By Douglas Fehlen
A Change for Illinois Educators
Last month, Illinois governor Pat Quinn signed into law an education bill that features profound changes for educators in the state. Whereas seniority was previously more important than performance in making personnel decisions, the opposite will now be the case. If districts find it necessary to cut staff, an unfortunately common occurrence today, they will do so based on educators' expertise and effectiveness. Seniority will only serve to break ties in this new formula for determining layoffs. Additionally, teachers demonstrating a high level of performance in their first three years will be placed on a fast track for tenure. At a bill signing ceremony, Governor Quinn remarked, 'These historic reforms will help us make sure that students across Illinois learn from the best teachers.'
Long at the heart of education reform debate has been how to identify the 'best teachers,' and SB7 (as the bill is titled) marks a change in how that is done. In many previous attempts at reform, accountability has been determined largely based on students' scores on standardized tests. Teachers, unions and advocacy groups have deemed such evaluation systems as unfair, suggesting they doesn't account for the full scope of student learning (and educator teaching). SB7 calls for a new system of evaluation that accounts for considerations beyond testing, a factor has made the bill palatable to those previously positioned against such accountability measures.
Another important factor in building support for SB7 was the process by which it was developed. Lawmakers crafted the legislation in consultation with all education stakeholders - including teachers, union representatives, education reform advocates, parents and school leaders. Lauding the efforts of all involved, Governor Quinn stated, 'When we have a big issue in our state, we don't push people aside. We bring everyone together.'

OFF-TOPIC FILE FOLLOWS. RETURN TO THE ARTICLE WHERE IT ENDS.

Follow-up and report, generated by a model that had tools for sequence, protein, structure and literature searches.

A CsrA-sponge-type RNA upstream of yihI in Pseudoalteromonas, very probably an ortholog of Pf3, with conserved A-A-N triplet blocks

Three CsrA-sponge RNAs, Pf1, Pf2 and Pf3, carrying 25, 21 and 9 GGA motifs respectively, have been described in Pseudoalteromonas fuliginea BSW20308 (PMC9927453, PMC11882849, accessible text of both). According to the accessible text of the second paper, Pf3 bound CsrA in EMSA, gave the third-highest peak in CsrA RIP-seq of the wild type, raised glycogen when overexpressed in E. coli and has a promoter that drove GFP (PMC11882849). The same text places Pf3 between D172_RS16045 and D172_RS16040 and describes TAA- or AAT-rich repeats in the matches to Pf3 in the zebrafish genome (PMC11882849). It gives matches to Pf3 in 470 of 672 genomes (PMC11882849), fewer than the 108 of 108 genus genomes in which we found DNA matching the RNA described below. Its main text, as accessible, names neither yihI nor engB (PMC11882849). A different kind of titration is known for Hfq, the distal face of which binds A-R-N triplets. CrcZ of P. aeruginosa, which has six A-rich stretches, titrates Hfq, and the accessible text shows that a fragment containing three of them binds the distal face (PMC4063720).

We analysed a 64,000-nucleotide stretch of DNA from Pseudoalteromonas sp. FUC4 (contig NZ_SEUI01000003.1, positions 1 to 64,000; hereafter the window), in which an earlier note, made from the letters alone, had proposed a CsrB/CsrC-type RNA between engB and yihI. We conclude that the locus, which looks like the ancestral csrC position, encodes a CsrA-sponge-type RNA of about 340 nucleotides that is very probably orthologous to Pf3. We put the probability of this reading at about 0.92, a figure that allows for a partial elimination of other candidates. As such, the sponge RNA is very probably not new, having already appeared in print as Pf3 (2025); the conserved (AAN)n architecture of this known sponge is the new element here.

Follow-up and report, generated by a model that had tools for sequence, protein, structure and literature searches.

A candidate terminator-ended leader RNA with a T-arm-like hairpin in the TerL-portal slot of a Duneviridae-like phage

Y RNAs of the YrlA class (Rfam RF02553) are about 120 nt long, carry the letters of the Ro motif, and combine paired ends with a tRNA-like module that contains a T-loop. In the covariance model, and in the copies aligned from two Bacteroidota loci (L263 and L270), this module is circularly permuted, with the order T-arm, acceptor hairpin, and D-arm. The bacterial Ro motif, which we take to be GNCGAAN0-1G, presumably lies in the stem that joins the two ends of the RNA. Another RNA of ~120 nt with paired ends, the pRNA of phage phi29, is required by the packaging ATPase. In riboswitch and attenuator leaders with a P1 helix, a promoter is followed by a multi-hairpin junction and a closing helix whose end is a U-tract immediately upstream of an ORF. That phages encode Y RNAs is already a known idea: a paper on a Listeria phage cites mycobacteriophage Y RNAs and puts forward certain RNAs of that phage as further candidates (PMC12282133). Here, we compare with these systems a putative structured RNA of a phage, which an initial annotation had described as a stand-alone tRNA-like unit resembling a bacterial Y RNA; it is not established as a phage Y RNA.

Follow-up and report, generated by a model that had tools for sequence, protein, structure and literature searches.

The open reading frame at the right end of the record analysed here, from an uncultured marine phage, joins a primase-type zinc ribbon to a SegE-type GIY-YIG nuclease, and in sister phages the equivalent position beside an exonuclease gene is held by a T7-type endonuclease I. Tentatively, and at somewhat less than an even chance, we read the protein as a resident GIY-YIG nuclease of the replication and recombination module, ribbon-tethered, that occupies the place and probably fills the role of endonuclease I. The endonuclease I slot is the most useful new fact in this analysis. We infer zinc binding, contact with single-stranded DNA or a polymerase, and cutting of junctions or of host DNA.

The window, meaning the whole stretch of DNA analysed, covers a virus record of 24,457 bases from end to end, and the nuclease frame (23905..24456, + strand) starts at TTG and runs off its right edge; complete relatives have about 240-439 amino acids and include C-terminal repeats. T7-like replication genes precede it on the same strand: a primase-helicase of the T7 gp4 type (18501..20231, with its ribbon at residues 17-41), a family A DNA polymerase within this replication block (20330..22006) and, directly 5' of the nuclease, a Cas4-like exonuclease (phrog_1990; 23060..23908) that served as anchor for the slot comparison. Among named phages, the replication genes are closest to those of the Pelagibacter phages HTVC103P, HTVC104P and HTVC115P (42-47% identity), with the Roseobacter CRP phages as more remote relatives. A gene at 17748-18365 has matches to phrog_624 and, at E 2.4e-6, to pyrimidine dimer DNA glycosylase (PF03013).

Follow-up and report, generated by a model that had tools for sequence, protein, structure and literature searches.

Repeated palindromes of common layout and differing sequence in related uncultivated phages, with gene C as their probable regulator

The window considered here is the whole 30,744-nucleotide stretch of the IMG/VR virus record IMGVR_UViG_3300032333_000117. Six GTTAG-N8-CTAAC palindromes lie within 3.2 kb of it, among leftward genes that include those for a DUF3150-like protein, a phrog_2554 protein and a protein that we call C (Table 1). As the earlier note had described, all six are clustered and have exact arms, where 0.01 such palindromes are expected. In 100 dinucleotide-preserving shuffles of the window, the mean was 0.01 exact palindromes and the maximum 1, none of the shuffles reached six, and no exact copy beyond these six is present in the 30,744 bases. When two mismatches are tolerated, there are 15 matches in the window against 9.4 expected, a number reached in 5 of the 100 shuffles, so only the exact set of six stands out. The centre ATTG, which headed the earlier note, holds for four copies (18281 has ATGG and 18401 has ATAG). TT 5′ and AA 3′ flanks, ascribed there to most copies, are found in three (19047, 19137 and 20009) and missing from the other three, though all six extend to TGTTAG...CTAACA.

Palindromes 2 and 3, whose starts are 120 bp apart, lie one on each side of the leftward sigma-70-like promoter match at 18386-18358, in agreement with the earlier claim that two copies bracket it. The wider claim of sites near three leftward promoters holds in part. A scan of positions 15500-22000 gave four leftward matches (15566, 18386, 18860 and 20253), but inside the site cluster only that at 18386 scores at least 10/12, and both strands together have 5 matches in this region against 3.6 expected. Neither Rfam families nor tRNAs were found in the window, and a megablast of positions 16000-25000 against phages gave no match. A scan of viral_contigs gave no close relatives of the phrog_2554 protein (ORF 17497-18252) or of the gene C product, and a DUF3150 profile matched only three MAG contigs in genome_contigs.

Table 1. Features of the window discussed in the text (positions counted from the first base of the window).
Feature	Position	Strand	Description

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A Model for National Reform?
Evaluating teacher effectiveness - and tying performance to decisions on hiring, firing and paying educators - is a topic of national debate. Legislation incorporating teacher accountability is being considered in many other states and Race to the Top, a national grant program rewarding schools implementing reform, is serving as a primary motivator. Education officials, often dealing with significant budget shortfalls, hope to earn grants to help offset deficits; teacher accountability measures are seen as a way to improve schools' chances of winning grants.
In states outside of Illinois, though, efforts to implement teacher accountability have been much more contentious. This divisiveness is representative of the greater national debate on education reform. Teachers have often expressed that they feel under attack by many reforms, saying they haven't had a place at the negotiating table when it comes to developing measures. The Illinois process, which involved all education stakeholders, has been identified as a promising approach that could prove effective across the country.
Education Secretary Arne Duncan, who was on hand for the SB7 bill signing ceremony, voiced emphatic support for what had been achieved in Illinois. 'While some states are engaging in noisy and unproductive battles around education reform,' he said, 'Illinois is showing what can happen when adults work through their differences together.'
School reform is a subject of vigorous debate around the nation. Get insight on the future of school reform.